Zvi: I can see why. Here’s an example: Facebook can make me feel worse about my life, especially when the people posting are showing themselves at their happiest or smiling on vacation – and my family just got over an argument in the kitchen with no vacation in sight.

Tovah Leah: While I also like to share only our best photos, and to see other people’s photos, I can also relate to that element of comparison and envy. Knowing the defects of my own life, I also begin to wonder what their life is like behind the gloss. Commenting on the Mishna’s instruction to “acquire for yourself a friend,” Rambam writes that friendship is not only about sharing enjoyable times together, but also about trust –
bout the ability to reveal my authentic self-successes and failures – with another person without feeling the need to apologize for my flaws, or to showcase only my most shining moments.

Zvi: It takes courage to establish meaningful connections, and not settle for relationships that just skim the surface of who we are. So here’s a question: How many of our Biblical heroes had friends? Who, from among the Israelites, for whom Moshe gave of himself tirelessly and lovingly, was his friend? Only Yitro, the Midianite priest, who came from outside, was able to witness the difficulties Moshe faced and offer empathy, support and wisdom.

Tovah Leah: In his same comment on the Mishna, the Rambam claims that while we all need friends who support us, the highest form of friendship is actually a friend who helps us realize more of our potential and makes us better people. From this perspective, it may turn out that, like Yitro, the people who challenge us the most can also prove to be the kind of friends who most help us to grow. I see this happening within our very own diverse community at Pardes.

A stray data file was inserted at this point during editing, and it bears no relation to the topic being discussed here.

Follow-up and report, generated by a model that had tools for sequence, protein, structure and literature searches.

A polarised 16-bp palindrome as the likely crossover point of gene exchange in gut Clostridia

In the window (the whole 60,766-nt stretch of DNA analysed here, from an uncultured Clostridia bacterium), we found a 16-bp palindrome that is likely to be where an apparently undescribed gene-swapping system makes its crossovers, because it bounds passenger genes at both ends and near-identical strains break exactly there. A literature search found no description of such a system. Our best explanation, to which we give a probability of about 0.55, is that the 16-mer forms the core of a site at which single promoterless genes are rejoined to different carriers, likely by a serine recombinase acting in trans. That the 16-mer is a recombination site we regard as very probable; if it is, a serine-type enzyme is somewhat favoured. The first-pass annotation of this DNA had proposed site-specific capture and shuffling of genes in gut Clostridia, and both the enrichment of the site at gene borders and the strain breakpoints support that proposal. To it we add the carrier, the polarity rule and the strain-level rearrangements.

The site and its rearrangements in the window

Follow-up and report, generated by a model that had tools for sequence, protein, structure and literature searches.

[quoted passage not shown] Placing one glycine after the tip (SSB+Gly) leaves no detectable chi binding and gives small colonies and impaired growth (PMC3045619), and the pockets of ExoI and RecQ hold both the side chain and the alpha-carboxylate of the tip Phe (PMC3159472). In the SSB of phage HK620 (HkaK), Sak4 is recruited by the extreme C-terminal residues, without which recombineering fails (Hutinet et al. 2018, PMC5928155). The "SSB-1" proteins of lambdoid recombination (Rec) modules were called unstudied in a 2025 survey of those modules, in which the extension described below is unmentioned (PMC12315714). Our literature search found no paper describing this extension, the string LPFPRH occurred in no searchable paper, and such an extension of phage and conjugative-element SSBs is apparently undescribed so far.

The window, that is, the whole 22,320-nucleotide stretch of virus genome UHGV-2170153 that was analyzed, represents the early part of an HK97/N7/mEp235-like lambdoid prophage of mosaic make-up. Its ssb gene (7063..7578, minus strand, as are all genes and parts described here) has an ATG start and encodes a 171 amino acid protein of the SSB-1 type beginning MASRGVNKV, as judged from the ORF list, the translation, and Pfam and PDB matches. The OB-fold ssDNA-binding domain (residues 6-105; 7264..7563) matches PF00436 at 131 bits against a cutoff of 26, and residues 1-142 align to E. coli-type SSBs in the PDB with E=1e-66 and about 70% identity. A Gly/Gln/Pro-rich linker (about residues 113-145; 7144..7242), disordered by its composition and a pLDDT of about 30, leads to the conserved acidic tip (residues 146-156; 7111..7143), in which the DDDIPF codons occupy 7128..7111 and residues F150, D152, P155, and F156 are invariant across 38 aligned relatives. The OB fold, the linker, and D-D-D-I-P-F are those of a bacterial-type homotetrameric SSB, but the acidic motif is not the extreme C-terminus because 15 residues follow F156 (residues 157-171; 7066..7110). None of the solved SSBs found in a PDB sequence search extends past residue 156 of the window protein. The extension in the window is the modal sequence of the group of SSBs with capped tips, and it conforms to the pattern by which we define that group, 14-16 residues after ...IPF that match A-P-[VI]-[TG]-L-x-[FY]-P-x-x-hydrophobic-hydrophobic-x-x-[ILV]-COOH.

Zvi: Sometimes we can address our sense of natural disconnection to people within and even beyond our community by acknowledging an inherent commonality we all share with one another. The Baal HaTanya argued that the deepest form of connection is built on the recognition and experience of the Godliness that exists in all of us. While often challenging to believe, this thought has inspired me to build connections with people who I never would have thought I could relate to in my wildest dreams.

Tovah Leah: Zvi asked me an evocative question: Can God be a friend? In other words, can a relationship with God make us feel less alone? My answer would be definitely yes. My imperfect practice of daily prayer and my attempt to make sincere blessings over food and drink make me feel closer to God, both in yearning for what I lack, and in gratitude for what I have been blessed with. Speaking the words of Hebrew prayer we inherited from our ancestors over the centuries, interspersed with words of Tanakh that span millennia – not to mention learning Torah – gives me a deep sense of belonging and identity, even a sense of intimacy with God.